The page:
Use this URL to cite or link to this record in EThOS: http://ethos.bl.uk/OrderDetails.do?uin=uk.bl.ethos.553055
Title: Rule by the generals : the influence of military regimes on Pakistan's internal security
Author: Farooq, Sadaf
Awarding Body: University of Reading
Current Institution: University of Reading
Date of Award: 2011
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Abstract:
The military has played an integral role in Pakistan's governance SInce that country's inception. It has dominated the political process at various times by imposing martial law, playing an active role in policy making, civilianizing martial law regimes and penetrating civilian economic and social institutions. It enjoyed always a unique structural position as an armed body that was reinforced by its role as a protector of the state. There often has been an open preference by the people for the army to take over whenever there were economic problems or political instability, as military rule was considered a relief from factional disputes among civilian political leaders and an accompanying high level of corruption. The primary objective of all of Pakistan's four military regimes was to maintain internal security and cohesion by creating a basis for economic development, building government institutions, and establishing accountability. Yet not even a single military regime succeeded in fulfilling these objectives. Indeed, internal security weakened during these regimes and these governments repeatedly have led Pakistan into crises; far from securing the cohesion and stability of Pakistan, military rule often has imperiled it. Most importantly, Pakistan's military governments failed to put forward a long-term nation building strategy that would forge the country into a cohesive and a stable whole. The purpose of this thesis is to focus on the strains imposed by the four periods of military rule and point out the complexities of the challenges to security in Pakistan by assessing military rules in several areas: democracy and civil society, provincial state cohesion, religious extremism, tribal insurgencies, ethnic and sectarian struggles and national fragmentation. Discussing these challenges, this thesis will seek to examine why Pakistani military failed to enhance internal security and cohesion.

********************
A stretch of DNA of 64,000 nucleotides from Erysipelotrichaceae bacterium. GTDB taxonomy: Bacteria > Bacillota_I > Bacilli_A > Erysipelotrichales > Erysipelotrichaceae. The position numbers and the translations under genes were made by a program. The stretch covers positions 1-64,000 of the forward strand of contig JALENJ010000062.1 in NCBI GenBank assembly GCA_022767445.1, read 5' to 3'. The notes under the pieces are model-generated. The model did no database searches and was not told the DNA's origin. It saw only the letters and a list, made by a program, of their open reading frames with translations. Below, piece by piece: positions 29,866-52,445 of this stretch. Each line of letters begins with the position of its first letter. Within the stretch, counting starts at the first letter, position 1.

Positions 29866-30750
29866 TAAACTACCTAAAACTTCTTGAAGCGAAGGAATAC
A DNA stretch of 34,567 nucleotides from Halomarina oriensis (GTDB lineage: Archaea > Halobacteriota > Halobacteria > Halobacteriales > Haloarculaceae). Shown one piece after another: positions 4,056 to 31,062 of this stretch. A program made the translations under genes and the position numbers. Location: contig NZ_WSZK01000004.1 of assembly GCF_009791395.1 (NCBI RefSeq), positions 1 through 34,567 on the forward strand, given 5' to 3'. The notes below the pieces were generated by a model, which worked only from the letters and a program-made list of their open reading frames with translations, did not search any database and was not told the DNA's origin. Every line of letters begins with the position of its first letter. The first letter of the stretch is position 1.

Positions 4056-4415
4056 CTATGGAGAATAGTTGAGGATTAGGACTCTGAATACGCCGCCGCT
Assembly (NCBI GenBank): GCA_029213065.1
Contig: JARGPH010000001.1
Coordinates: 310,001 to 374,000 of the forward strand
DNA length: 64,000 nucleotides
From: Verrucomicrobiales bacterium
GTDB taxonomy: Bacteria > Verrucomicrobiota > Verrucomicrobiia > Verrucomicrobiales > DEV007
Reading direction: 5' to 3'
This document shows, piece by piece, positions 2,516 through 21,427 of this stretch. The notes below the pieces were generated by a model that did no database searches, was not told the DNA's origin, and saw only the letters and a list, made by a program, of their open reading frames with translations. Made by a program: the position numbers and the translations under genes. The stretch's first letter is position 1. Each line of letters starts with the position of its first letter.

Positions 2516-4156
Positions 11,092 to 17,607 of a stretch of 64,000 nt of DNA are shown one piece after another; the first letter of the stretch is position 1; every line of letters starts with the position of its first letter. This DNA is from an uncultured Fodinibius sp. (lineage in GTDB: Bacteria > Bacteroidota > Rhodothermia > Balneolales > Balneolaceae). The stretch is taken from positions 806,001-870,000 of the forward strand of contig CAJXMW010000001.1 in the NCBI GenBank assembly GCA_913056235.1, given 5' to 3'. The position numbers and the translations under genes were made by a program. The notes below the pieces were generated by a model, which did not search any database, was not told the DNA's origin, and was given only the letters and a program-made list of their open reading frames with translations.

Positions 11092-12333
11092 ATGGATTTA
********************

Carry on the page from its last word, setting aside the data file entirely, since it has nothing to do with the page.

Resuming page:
Supervisor: Not available Sponsor: Not available
Qualification Name: Thesis (Ph.D.) Qualification Level: Doctoral
EThOS ID: uk.bl.ethos.553055  DOI: Not available
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